Monthly Archives: April 2017

Best To Wearing To Job Interview

Whether we like it or not, fashion matters when it comes to landing your dream job—and having your closet ready with job interview outfits can help take a little pressure off an already stressful situation.
When deciding what to wear to a job interview, you want to fit in to the company culture—but also, of course, stand out from the pack—and navigating the two can be a challenge. Nowadays, even some of the strictest companies have relaxed their dress codes to adapt to the startup-fueled, tech-first economy, but what’s appropriate still varies from industry to industry—and despite the fact that we’d all like to think our resume speaks louder than our pencil skirt, what you wear during the interview process remains very important.
“First impressions are critical. What you wear is the first thing people see, before you even say a word,” says Barry Drexler, the founder of Expert Interview Coach. “[Hiring managers] evaluate your appearance because they don’t know you yet, and they don’t have a lot to go on.”

It’s during this first interaction that people size you up based on everything from your handshake to your choice of shoes. Whoever is hiring needs to be able to visualize you in the position they’re trying to fill—and, in 2016, that doesn’t necessarily mean showing up in something extra-conservative.
“Recent grads especially are fish out of water,” says Jill Jacinto, media manager for WORKS by Nicole Williams, a company dedicated to helping young women find jobs. “They often get advice from their parents, who say they need a classic suit. My mom, who hasn’t worked in years, took me suit shopping. And I was taking her advice, which now seems laughable. We need to break away from the power suit mentality.”

So, how do we know what’s appropriate and what’s not? “It’s all about understanding the company culture,” says Ryan Kahn, founder of The Hired Group and MTV’s Hired career coach.
what to wear job interview1 What to Wear to a Job Interview: Expert Tips for Every Industry

That means everything from knowing if the executive team will likely be dressed in hoodies (and what that means for you as a hopeful employee) to understanding what colors are likely to be acceptable—a pink handbag is probably going to look a lot more at home in an interview with Kate Spade New York, for instance, than it will at Bloomberg. “You want to wear colors that show you fit in the company’s culture and that show your personality, but in subtle way,” says Rahel Berihu, a stylist and longtime volunteer at Dress For Success, which provides support and professional clothing to promote women’s economic independence. “You don’t want your outfit to be overpowering or distracting.”
Though everyone we spoke to agreed that overdressed is better than underdressed, neither is a particularly good look. “People in creative firms might see you as less creative, a little uptight, not someone who will roll up their sleeves and get dirty,” says Frank Dahill, senior recruiter and branding expert at Sam & Lori, a New York recruitment firm that focuses on creative industries.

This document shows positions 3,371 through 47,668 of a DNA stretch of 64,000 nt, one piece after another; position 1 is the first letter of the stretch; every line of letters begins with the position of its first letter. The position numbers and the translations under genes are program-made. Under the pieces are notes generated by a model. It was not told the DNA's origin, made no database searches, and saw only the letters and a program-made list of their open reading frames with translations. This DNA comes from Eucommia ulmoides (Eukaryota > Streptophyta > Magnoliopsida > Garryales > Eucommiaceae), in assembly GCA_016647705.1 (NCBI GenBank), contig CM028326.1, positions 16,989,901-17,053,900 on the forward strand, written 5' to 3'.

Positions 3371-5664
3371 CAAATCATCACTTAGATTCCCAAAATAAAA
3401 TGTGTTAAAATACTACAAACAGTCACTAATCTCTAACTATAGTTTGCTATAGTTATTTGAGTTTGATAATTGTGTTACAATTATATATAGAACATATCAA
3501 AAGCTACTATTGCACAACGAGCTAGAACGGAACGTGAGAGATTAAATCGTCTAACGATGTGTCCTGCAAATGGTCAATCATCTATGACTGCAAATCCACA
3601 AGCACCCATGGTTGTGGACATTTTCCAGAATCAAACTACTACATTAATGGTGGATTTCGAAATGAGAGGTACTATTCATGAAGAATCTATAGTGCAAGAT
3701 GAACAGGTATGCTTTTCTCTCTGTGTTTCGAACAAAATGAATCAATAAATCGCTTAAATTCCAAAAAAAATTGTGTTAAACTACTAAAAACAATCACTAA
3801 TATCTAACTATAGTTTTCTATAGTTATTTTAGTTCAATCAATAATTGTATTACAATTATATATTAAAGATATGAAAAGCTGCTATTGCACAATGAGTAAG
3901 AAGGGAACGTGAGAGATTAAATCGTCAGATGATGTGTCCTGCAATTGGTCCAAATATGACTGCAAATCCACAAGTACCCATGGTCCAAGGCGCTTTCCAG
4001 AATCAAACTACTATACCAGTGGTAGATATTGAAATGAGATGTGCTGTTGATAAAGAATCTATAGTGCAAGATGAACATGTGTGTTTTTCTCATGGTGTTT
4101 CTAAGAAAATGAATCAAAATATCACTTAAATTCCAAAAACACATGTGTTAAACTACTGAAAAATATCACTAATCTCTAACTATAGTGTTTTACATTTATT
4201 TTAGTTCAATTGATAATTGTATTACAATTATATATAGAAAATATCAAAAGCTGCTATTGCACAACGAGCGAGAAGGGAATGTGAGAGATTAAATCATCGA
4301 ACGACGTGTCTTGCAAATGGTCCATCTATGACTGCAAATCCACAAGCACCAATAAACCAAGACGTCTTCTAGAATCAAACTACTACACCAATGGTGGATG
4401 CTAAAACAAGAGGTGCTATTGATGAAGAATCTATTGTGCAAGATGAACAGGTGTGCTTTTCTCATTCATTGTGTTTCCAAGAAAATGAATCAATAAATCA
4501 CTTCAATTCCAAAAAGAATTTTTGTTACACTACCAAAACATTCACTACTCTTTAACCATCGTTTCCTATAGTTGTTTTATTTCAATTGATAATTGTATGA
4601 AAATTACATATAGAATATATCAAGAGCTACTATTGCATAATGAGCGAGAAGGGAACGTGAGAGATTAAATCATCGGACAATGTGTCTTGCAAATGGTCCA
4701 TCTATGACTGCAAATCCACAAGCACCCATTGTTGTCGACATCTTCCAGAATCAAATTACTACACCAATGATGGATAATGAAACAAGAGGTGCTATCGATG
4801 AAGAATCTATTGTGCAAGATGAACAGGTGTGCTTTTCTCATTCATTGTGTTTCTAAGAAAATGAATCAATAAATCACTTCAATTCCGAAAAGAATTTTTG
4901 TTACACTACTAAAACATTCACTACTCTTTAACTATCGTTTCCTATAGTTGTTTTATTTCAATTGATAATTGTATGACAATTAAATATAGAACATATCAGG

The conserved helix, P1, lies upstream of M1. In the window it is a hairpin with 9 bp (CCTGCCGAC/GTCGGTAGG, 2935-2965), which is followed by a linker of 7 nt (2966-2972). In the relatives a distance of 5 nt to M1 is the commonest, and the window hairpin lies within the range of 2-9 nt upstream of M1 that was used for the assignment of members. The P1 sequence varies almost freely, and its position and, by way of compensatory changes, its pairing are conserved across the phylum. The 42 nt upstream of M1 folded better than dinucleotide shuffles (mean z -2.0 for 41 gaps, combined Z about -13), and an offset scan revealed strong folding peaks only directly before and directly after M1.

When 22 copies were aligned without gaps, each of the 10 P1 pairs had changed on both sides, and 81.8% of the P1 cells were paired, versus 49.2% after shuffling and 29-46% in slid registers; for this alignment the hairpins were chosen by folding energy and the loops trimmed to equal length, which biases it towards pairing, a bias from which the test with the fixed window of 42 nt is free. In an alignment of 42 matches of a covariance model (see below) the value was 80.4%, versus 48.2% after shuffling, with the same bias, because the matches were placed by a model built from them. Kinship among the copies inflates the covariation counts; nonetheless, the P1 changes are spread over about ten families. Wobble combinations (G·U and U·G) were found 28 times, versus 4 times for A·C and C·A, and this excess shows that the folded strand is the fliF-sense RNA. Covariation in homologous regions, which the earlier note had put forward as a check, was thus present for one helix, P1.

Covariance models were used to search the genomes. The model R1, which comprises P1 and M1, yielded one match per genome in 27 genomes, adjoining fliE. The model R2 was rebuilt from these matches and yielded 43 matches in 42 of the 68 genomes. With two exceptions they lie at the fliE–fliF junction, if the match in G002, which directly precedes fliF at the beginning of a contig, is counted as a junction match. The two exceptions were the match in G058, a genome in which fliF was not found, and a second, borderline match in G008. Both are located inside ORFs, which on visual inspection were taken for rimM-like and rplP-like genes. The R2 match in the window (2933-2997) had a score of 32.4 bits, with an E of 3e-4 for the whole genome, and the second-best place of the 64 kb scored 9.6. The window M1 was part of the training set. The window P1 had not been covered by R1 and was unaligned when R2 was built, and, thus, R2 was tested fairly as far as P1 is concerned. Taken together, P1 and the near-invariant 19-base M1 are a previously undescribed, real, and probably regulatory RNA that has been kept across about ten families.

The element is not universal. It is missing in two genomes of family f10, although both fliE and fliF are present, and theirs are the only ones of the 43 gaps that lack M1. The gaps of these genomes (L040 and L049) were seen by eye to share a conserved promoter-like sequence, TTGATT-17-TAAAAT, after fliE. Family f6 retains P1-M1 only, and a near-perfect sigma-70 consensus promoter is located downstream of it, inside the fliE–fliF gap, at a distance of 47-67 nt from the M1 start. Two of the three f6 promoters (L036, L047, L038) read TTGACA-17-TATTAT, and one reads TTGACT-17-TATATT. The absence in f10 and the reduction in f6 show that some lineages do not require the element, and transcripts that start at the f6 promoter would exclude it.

Below, our experts weigh in on how to put your best foot forward, fashion-wise, in a job interview in five different fields.

If you’re interviewing for: a creative job
Examples: writer, editor, photo editor, film, graphic designer, art director
While jobs in creative fields give you a bit more leeway to be, well, creative with your attire, here a common pitfall is wanting to show too much personality right off the bat. “I’m not worried about personality in your clothes,” says Dahill. “If you have no personality, clothes won’t help. I’d rather see you be more conservative.”
While you shouldn’t show up in a skirt suit, don’t show up in something wild or trend-driven either.
Jacinto advises “tone it down and apply the rule of taking one piece off before the interview.”
Be comfortable. Jacinto proposes trying your outfit on before the interview to “know how your clothing reacts in different situations.”
Shoes should be closed-toe, pants should be black or dark denim, and accessories kept to a minimum.

If you’re interviewing for: a client-based corporate job
Examples: law firm, real estate, public relations, sales, marketing, advertising or account executives
Be well-groomed. Don’t wear too much makeup and have your hair clean and simple. Never wear perfume.
Invest in a nice blazer. This can be used to dress up anything from simple blouses to well-cut trousers. Again, shoes should be close-toe and no higher than three inches.
Keep colors conservative, says Kahn. “Keep it classy. Nothing too vibrant, bright, or distracting.”
Berihu advises against “bright colors, distracting prints, or anything lacy, sheer, or low-cut.” Keep the attention on you, not your clothing.

If you’re interviewing for: a fashion job
Examples: fashion editor, buyer, stylist, designer, merchandiser, assistant, sales
According to Drexler, a mistake people make when interviewing for a fashion-related job is to make a broad-brush assumption that they should dress edgy or super on-trend.
What you wear here depends on the specific job and company you’re interviewing for—keep the aesthetics of the brand in mind while getting dressed, but don’t show up in a head-to-toe runway look.
Keep clothes simple and instead make accessories the focal point. Have stylish shoes, a sharp bag and modern jewelry displaying your great taste.
Don’t try to be too fashion-forward. You want people to think “she looks presentable and stylish in that dress” as opposed to “wow, that’s a really expensive designer dress.” Clothes shouldn’t be a distraction.

If you’re interviewing for: a finance job
Examples: banking, consulting, hedge funds, accounting, insurance, research analyst, stock analyst
In finance—at least at the interview stage—not much has changed. Don’t push the envelope, and appear conservative and professional.
Wear a dark, two-piece pantsuit or skirt suit. Lighten it up with a white or softly-colored blouse and conservative accessories.
“Look for pants that are fitted and have a bit of a taper,” says Berihu. “And if your suit has a skirt, it should be knee-length or below and tailored appropriately.”
If you’re wearing tights, Jacinto suggests bringing an extra pair in case they run. “You never know what will happen the day of, so be prepared.”
On that note, don’t wear colorful or patterned tights,

If you’re interviewing for: a tech/startup job
Examples: engineer, coder, product manager, designer, communications, content strategist, IT
Startups often have a young staff and foster a collegiate atmosphere, so the biggest fear people have here is being overdressed in a sea of hipsters.